The place was alive with rats. The verminous creatures streamed through the ruined doorframe, spilling out onto the lane in a wave of brown fur. Everyone hopped and shouted as they surged past, Mrs Lieber snatching up her shrieking child before it could come to any harm. Within moments the mass had disappeared, with only one or two stragglers visible. Soon even these had vanished.

The other two watchmen cautiously entered and joined their companion, who was leaning over the body of the old lady. She was covered in bites and scratches, quite dead.


The watchmen near jumped out of their skin. It was the cat, still sat atop the dresser and watching them nervously.


{INTO PART I - Townsfolk - Nefarious activities}

KER-RASH! The door splintered under the weight of the militiaman’s shoulder and the noise echoed through the mist.

The squad charged into Willi Schwarz’s shutter-darkened cottage, closely followed by Brother Hans. Willi was sprawled face down on his squalid bed, still fully clothed except for one shoe, and smelled as though he had soiled himself. A half-empty bottle made of dark glass lay beside him.

The noise of the trooper’s entry had just filtered through to Willi’s addled brain, but he was finding it impossible to react.

One of the militia took a firm hold of the scruff of his neck and hauled him to his feet. He sagged and retched slightly, disorientated by the sudden movement, but he found his feet. He looked distinctly green and the early morning light filtering through the broken doorway made him squint.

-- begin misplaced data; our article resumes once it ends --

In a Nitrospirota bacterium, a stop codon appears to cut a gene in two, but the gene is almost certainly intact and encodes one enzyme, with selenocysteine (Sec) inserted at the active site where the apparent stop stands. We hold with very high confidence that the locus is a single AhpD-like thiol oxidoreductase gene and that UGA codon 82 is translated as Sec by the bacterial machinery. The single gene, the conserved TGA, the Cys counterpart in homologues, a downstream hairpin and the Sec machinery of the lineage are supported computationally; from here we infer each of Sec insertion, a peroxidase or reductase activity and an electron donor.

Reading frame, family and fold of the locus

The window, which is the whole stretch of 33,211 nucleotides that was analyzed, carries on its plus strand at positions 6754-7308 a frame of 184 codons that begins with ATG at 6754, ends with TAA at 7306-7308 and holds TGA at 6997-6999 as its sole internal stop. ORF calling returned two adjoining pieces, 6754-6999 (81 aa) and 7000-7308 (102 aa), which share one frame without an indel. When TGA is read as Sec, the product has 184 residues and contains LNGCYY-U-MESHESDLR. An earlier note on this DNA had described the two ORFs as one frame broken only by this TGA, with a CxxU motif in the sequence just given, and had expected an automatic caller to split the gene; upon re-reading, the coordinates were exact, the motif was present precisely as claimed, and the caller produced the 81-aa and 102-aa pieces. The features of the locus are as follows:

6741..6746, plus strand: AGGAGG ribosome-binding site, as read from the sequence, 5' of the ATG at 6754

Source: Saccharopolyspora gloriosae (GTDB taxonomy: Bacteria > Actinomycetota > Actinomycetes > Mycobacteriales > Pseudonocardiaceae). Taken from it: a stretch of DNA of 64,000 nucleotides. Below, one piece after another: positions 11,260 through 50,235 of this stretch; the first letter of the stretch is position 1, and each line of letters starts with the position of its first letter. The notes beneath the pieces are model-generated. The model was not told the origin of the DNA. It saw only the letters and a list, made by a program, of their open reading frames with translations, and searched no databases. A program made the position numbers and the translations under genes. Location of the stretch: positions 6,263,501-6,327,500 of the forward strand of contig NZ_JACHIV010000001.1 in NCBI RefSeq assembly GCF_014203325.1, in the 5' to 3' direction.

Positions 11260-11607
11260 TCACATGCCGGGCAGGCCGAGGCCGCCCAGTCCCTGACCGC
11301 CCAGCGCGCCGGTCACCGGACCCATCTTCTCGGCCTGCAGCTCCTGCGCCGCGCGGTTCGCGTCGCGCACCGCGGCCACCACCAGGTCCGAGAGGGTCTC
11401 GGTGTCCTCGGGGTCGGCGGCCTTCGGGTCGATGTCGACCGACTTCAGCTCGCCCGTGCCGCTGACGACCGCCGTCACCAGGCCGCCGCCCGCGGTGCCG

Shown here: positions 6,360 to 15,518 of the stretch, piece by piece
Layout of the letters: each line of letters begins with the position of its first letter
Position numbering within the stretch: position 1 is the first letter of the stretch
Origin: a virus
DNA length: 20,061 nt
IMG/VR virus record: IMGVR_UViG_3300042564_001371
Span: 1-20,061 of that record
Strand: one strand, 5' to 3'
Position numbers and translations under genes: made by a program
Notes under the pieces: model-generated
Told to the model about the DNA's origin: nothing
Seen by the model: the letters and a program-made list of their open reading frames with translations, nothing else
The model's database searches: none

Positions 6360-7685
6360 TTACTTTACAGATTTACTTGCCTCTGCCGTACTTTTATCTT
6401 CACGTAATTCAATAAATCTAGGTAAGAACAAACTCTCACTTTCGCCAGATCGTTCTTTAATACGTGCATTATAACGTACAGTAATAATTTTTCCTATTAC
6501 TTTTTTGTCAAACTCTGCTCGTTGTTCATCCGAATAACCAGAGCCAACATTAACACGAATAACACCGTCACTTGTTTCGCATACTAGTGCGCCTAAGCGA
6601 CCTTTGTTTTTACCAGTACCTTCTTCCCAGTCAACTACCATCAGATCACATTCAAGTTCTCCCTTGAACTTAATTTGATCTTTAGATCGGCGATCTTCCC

“Don’t mind if we take a look around, do you?” asked Brother Hans.

“Ugh…” was the most comprehensive answer he could manage. He wobbled and steadied himself against a wall, fighting a wave of nausea.

The militiamen started opening the cupboards and rummaging around in the linen chest. One of them turned over the bed, revealing a sack that proved to contain no less than nine bottles, all filled with liquid.

“What have we got here then?” said Brother Hans, in a mock-surprised tone of voice. “You’ll coming with us.”

One of the troopers picked up the sack and he and his burly companions escorted Willi into the street. Brother Hans had one final check around, pulled the remains of the door closed, and joined them. A number of Willi’s neighbours had appeared at their windows, watching the early morning spectacle.

Willi suddenly doubled over and vomited, issuing a gush of filthy liquid. He coughed and spat, retched again, and wiped his face on his sleeve. “You done?” asked the trooper with the sack. Willi nodded and wobbled unsteadily to his feet.

They marched him to the square, to the horse trough outside the stables at the back of Die Silbermünze. When they reached it two of the militiamen picked Willi up and dunked him into the water.

He gasped and thrashed and came up for air but Brother Hans submerged him again. He surfaced once more and the soldiers lifted him out. He coughed and spluttered, streaming water and shivering violently from the cold.